1) The Zenith Club gets evicted from their hangout, because they don't have money to pay the bills. Their future looks bleak, when Anastasia Abernathy (a client of Lois' father) remembers the old house she and her husband used to live at. She offers to let them use it, but warns that it is haunted. The gang accepts her offer and, after spending the night in the house, deem it suitable for their needs. They have a few run ins with the paranormal, but nothing really serious. They kids decide to kick things off by throwing a Halloween costume party.

2) The "ghost" is not really much of a threat to the kids and, is in fact, merely a prankster. He plays a few tricks on the kids, like pretending to be the sleeping Dave's girlfriend, or levitating a candle, but never means them any real harm. Hell,at one point, he even dances with Lois at the Halloween costume party. In what might have been an inspiration for Scooby Doo, the ghost is unmasked and revealed to be abitter washed up horror actor (Paul Blaisdell), who is still upset that he didn't get cast in Horrors of the Black Museum.

Horror aficionados will recognize the "ghost" suit as being the same one Blaisdell donned in The She Creature, a 1956 horror film that was, essentially, a knock off of The Creature From the Black Lagoon. The She Creature suit has been considerable stripped down for this movie; the feet have been replaced by sneakers.The She Creature is not the only Blaisdell creation that makes a return appearance, a man wearing a Saucer Man mask is briefly seen dancing to the music.

3. The main antagonists in the movie are Tony and his girlfriend Nita, members of a rival gang (that seemingly consists of four people, including themselves). Yet, even they are not a much of a threat. Tony will have a few choice words with Stan, while leering at Lois, and then walk away. Nita, however, keeps hounding Lois for a rematch. She demands satisfaction and Lois, inevitably, acquiesces. The two of them have one final drag race....OFF SCREEN! That's right! The movie slowly builds to this confrontation and the audience doesn't get to see any of it. Instead, Lois tells Stan and Tom all about it. Stan is naturally upset, but Lois promises him she'll pay the club fine and tell her dad about it, knowing full well that it means a further suspension of her driving privileges. Stan conjectures that this isn't too much of a bad thing, because now he can drive her around.

I said before that I would like to believe that Ghost of Dragstrip Hollow is misunderstood, subversive masterpiece, but this is, of course, a lot of nonsense. It's wishful thinking on my part; a pathetic attempt to rationalize my genuine love for a really bad movie. Whatever quirks exist in the film is largely due to lazy film making, rather than clever screen writing. Ghost of Dragstrip Hollow is very much a product of it's time, often loaded with bogus 50's lingo. My favorite being, "He's got static in his attic, completely zonk!"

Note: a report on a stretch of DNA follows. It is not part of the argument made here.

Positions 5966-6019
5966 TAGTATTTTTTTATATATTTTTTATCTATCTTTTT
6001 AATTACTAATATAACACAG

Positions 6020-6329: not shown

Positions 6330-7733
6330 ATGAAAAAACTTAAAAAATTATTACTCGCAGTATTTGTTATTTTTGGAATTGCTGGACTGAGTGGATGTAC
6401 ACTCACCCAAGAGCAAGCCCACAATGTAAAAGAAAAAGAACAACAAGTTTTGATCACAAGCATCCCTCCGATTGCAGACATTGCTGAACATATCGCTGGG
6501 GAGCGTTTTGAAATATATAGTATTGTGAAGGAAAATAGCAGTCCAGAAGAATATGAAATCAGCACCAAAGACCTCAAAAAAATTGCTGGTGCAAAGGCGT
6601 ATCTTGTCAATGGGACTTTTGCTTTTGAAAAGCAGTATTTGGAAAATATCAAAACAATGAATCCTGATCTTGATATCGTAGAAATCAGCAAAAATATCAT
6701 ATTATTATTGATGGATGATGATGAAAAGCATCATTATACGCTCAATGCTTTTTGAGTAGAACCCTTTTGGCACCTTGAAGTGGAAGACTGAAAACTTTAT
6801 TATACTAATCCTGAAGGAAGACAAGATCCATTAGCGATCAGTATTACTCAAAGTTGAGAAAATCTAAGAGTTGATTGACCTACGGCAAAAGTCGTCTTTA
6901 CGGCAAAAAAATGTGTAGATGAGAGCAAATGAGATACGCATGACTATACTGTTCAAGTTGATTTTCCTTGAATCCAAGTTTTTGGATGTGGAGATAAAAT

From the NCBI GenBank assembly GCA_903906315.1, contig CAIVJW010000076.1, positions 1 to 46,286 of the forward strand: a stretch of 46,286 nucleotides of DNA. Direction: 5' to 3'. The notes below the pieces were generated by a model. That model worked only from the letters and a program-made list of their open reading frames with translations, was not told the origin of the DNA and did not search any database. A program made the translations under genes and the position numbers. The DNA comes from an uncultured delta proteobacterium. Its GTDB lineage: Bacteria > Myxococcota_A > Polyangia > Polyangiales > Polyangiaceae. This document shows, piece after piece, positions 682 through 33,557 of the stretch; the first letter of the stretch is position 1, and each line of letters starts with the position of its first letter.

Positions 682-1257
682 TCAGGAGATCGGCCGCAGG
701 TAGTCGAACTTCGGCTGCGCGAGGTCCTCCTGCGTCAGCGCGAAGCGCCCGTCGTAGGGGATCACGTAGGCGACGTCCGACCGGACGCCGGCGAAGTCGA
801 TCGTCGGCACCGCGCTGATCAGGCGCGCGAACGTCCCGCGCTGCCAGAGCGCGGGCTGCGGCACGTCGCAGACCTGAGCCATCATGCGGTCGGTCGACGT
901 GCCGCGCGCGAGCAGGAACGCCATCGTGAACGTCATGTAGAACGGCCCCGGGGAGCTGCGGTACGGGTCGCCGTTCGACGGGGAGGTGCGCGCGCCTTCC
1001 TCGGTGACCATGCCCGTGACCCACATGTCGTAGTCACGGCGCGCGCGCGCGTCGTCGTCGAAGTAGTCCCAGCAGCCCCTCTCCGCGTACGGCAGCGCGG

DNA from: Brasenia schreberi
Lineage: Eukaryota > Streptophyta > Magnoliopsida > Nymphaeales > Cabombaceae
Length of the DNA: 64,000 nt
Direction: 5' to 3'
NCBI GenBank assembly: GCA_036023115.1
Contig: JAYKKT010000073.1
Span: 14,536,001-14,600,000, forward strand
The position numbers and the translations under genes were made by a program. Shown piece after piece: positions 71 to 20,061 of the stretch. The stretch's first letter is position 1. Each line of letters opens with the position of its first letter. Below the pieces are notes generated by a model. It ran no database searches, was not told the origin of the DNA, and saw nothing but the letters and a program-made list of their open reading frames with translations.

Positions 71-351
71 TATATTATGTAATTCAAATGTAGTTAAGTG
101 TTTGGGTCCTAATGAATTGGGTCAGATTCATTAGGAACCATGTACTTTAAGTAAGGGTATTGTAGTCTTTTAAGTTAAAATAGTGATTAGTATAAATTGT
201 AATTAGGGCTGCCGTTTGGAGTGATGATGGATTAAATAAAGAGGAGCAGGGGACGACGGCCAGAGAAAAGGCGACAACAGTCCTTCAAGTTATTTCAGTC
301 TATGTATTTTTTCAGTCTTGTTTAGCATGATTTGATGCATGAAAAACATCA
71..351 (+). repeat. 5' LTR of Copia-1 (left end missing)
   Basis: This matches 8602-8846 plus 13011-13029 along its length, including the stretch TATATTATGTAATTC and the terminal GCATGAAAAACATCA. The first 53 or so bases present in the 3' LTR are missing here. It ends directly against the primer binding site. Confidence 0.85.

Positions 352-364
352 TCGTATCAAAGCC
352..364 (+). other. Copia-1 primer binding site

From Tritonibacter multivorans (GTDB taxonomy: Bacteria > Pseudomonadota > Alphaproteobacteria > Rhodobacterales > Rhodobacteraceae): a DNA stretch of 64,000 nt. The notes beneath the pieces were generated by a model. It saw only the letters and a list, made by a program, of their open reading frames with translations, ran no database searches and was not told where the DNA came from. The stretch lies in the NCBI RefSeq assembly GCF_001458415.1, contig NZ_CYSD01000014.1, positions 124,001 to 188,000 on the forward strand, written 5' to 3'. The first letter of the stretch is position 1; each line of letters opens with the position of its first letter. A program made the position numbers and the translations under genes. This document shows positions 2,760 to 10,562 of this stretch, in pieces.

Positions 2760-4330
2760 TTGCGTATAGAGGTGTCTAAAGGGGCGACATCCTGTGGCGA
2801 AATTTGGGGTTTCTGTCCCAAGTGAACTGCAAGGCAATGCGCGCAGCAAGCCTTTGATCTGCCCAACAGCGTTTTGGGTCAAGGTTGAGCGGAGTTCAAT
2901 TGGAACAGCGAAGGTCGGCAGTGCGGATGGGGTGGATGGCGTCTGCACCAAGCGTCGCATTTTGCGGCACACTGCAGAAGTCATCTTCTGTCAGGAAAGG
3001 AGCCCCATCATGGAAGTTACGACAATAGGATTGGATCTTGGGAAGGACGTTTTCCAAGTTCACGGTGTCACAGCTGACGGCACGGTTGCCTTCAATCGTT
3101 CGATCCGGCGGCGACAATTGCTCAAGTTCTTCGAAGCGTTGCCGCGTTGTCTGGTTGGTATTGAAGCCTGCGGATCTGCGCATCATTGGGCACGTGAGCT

It often seems like the sole reason for this movie's existence is so that A.I.P. (American International Pictures) could promote their new record label. It would explain why there is a rock n' roll number practically every ten minutes.

I would just like to add that I proudly own this movie on DVD! It was packaged as double feature, along with the equally ridiculous The Ghost in the Invisible Bikini. What is about this movie that I find so appealing?

Two reasons:

1) It is very mucha product of its time (1959) that is makes for an interesting time capsule. You can learn a lot about an older generation from the movies that were made during their youth. Films like Ghost of Dragstrip Hollow visualize what it was like to be a teenager growing up in the late 50s (albeit in an exaggerated manner). It's a cinematic time machine, it allows us to see the 1950s up close and be completely flabbergasted by the trends of the time (bogus lingo, drag racing, rock n' roll, etc.) For this reason alone, the movie is invaluable.

2) I said it before and I will again, it is an insane piece of film making. It may not be a good movie, but it is never boring. The first time I saw it, I had no idea what was going to happen next. I expected to see a movie about an evil spirit tormenting a group of hot rodders, instead I got a film about rabble rousing woman and her many misadventures. Just when I thought I had the movie figured out, it would blindside me with a new, and extremely ridiculous, plot twist. It runs the gamut from being a drag race movie to being a Scooby Doo like mystery.


Cast: Jody Fair (Lois Cavendish), Russ Bender (Tom Hendry), Martin Braddock (Stan), Henry McCann (Dave), Leon Tyler (Bonzo the Clown), Elaine DuPont (Rhoda), Dorothy Neumann (Anastasia Abernathy), Kirby Smith (Wesley Cavendish), Jeanne Tatum (Alice Cavendish), Jack Ging (Tony), Nancy Anderson (Nita), Sanita Pelkey (Amelia), Judy Howard (Sandra), Tommy Ivo (Himself), Beverly Scott (Hazel),Paul Blaisdell (Man in Suit), Jimmie Madden (Himself).

Director: William Hole, Jr.

Screenplay: Lou Rusoff

Running Time: 65 min.